Also, through a number of grants and awards, we have the opportunity to address gaps not addressed through existing or planned efforts.
A short planning meeting was held with a smaller group of people to be followed by a larger working meeting to collectively build an open source road map for the next few years. These meetings will bring together decision makers and people interested in open source accessibility across a number of domains including operating systems, desktop applications, Web applications, mobile systems, laptops, and development toolkits.
The planning meeting took place on August 11, 2009 in Vancouver and immediately preceded the OpenEd Meetings (http://openedconference.org/ ). The reason for choosing this location and time was to encourage communication and coordination between the open source and open content communities.
The larger working meeting is planned for the Toronto Open Source Week on the 28th and 29th of October directly preceding the FSOSS conference and following the Ontario Linux Fest and other events taking place during Toronto Open Source Week.
During the planning meeting we hope to create a gap analysis, an overview of the state of open source accessibility initiatives and a draft roadmap. This will be used as the basis for collectively creating a roadmap with the larger group in October.
The meeting will be held during Toronto Open Source Week at Seneca College, Seneca@York campus. This is located in the north end of Toronto, about 20 minutes the Toronto international airport. Location information is available here: http://fsoss.senecac.on.ca/2009/location.
Stephen E. Quinlan (SEQ) building on the York University campus. The street address is 70 The Pond Road (Rm 2168), Toronto, Ontario, M3J 3M6. The main meeting room is on the second floor, #2168, it is also called the Kaleidoscope Classroom.
York ELC Hotel http://www.schulich.yorku.ca/SSB-Extra/elc.nsf/docs/Guests
Hilton Garden Inn http://hiltongardeninn.hilton.com/en/gi/hotels/index.jhtml?ctyhocn=YYZVAGI
Marriott Residence Inn http://www.marriott.com/hotels/travel/yyztv-residence-inn-toronto-vaughan/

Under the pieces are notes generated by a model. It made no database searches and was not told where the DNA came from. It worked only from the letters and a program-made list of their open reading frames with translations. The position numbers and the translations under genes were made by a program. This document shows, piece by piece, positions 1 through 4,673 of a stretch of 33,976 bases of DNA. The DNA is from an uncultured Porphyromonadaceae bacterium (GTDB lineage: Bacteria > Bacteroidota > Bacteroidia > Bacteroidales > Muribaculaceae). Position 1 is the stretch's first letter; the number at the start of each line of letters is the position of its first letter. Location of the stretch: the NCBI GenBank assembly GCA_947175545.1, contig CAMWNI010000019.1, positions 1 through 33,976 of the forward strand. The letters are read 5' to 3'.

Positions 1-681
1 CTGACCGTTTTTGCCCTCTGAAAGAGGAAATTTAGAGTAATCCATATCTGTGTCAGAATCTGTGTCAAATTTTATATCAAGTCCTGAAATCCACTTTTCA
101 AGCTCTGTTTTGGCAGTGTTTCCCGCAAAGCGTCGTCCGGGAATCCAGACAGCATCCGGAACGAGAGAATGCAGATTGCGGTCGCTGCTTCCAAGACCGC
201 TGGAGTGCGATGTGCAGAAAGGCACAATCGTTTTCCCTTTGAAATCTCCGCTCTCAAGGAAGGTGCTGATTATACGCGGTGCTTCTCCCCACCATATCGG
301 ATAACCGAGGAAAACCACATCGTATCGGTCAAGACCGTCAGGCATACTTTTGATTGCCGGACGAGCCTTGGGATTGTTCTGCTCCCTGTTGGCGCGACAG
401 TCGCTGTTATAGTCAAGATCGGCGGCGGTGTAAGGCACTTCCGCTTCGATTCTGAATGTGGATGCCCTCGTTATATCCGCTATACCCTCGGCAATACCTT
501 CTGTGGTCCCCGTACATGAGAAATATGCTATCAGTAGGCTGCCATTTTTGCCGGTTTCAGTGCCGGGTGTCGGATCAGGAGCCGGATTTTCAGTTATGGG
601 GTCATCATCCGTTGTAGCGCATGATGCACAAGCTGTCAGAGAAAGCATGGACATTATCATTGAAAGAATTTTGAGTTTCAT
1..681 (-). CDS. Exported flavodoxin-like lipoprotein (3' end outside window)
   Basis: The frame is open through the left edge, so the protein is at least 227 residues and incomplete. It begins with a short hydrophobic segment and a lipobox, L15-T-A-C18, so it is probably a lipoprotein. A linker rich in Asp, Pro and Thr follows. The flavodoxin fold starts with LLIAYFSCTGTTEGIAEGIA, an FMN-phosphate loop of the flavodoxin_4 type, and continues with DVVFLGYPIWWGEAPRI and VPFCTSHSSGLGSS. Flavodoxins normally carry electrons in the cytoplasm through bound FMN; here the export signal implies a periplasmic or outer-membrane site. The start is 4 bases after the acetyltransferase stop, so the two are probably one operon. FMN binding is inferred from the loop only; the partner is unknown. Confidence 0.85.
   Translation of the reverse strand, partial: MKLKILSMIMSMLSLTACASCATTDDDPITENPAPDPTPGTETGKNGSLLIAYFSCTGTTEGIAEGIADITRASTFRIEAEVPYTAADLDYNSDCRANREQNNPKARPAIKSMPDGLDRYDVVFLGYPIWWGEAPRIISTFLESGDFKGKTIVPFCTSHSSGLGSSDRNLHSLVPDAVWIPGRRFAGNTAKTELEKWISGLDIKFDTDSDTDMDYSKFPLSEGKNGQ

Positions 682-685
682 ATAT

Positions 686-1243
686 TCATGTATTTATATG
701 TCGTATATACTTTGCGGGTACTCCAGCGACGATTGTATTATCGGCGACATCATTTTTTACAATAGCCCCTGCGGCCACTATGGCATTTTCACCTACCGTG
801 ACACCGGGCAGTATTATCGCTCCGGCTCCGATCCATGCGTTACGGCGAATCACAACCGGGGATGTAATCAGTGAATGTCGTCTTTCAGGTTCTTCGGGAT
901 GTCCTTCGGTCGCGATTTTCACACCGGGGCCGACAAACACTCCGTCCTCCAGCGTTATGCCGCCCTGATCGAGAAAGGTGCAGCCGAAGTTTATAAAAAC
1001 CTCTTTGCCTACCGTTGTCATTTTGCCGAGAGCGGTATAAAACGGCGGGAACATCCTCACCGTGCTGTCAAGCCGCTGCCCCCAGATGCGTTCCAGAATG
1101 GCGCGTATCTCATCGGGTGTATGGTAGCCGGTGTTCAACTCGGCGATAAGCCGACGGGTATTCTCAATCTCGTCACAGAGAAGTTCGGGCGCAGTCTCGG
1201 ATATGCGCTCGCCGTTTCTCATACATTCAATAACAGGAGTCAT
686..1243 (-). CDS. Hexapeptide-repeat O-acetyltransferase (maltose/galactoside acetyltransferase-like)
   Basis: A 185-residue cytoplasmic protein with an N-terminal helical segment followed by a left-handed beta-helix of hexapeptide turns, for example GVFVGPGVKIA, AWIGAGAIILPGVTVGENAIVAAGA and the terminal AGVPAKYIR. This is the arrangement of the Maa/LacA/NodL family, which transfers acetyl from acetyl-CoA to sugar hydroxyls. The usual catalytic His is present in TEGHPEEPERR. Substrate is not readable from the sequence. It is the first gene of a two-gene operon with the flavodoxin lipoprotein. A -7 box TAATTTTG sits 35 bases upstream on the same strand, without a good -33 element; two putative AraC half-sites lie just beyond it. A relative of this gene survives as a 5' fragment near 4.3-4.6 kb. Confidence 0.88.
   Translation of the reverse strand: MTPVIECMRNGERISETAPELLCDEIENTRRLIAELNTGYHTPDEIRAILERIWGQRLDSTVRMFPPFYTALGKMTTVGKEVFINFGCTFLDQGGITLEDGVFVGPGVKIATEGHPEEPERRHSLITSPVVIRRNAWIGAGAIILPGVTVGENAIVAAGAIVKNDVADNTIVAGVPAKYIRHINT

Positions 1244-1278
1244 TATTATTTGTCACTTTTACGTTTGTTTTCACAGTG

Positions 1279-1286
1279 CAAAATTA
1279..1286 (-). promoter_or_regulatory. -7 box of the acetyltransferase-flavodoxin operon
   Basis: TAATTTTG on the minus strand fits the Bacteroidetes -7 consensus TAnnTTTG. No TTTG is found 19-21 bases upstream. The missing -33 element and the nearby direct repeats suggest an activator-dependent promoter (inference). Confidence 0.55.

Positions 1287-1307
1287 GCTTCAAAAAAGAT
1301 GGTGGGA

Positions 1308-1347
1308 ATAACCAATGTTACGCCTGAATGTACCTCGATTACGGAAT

Transportation from Pearson International Airport
Public transit :
From the airport you will take the Malton 58A bus south to Keele St. Ask for a transfer when entering the Malton bus. You will have to switch to the Keele 41 or 41B bus. This will take you right into the University grounds.
Cost is $2.75 correct change.
From U of T St. George Campushttp://myttc.ca/travel/from/st_george/to/york_university
GO Transit from the Airport to York University
Go bus from the airport to Bramalea Go station. Switch to York University Bus. Cost $4.45. all buses are wheelchair accessible. This service is available Monday to Friday.
Airport Taxi Limo:
The approximate cost from the airport is $45.00
Wheelchair accessible transportation is also available.
Attendance and Details
Thursday dinner will be in the Executive Learning Centre dining hall, adjacent to the SEQ building, 56 Fine Arts Rd, Schulich School of Business
Arrival 5:30pm, Dinner 6:00pm
Please contact email@example.com if you like to join dinner but your name is not checked off on the attendance list
Skype name : ATRCUofT
The audio bridge will be via Skype for the main room. For those who wish to participate in the Mobile session, access is via http://connect.yorku.ca/fluidoverflow
Wednesday local dinner suggestions
Off the top of my head: Mandarin just E of here on Finch; Thai at Hwy 7
& Jane in Interchange; several options at Weston & Hwy 7 (including
Kelsey's, Casey's, Ice Cream Patio (which despite its name is Italian –
gourmet pizza)); Swiss Chalet at Bathurst & Centre (near Promenade).
IRC Server Name: tera.atrc.utoronto.ca <irc://tera.atrc.utoronto.ca>
IRC Server Port: 6667
Main Channel: #OSA
Help Channel: #help
Other channels: #Inclusive-Infrastructure #One-Platform #Collaboration-Tools #Mobile
Note: if the above link does not work, or you do not have an IRC client, try the web based irc client at http://tera.atrc.utoronto.ca/irc/irc.cgi. If you use Firefox, download the Chatzilla plugin
Draft Documents and Homework
Current Work in Open Source Accessibility (in progress)
Critical Gaps (in progress)
For the following presentations click on the link and you will be prompted to download the file.
UNESCO presentation by Mr. Abdul Waheed Khan
Presentation by Jutta Treviranus
AEGIS by Peter Korn
Raising the Floor by Gregg Vanderheiden
OSA_Fluid by Jess Mitchell and Colin Clark
National Infrastructure by Gregg Vanderheiden
Dublin Core Presentation by Jutta Treviranus
UNESCO at ITU Telecom World 2009
Open Source Week, Toronto - Open Source Accessibility Forum
Japan 2010 Accessibility Symposium
W4A 2010 (with WWW Raleigh NC - April 26/27 2010 Submissions due Early Feb 2010 )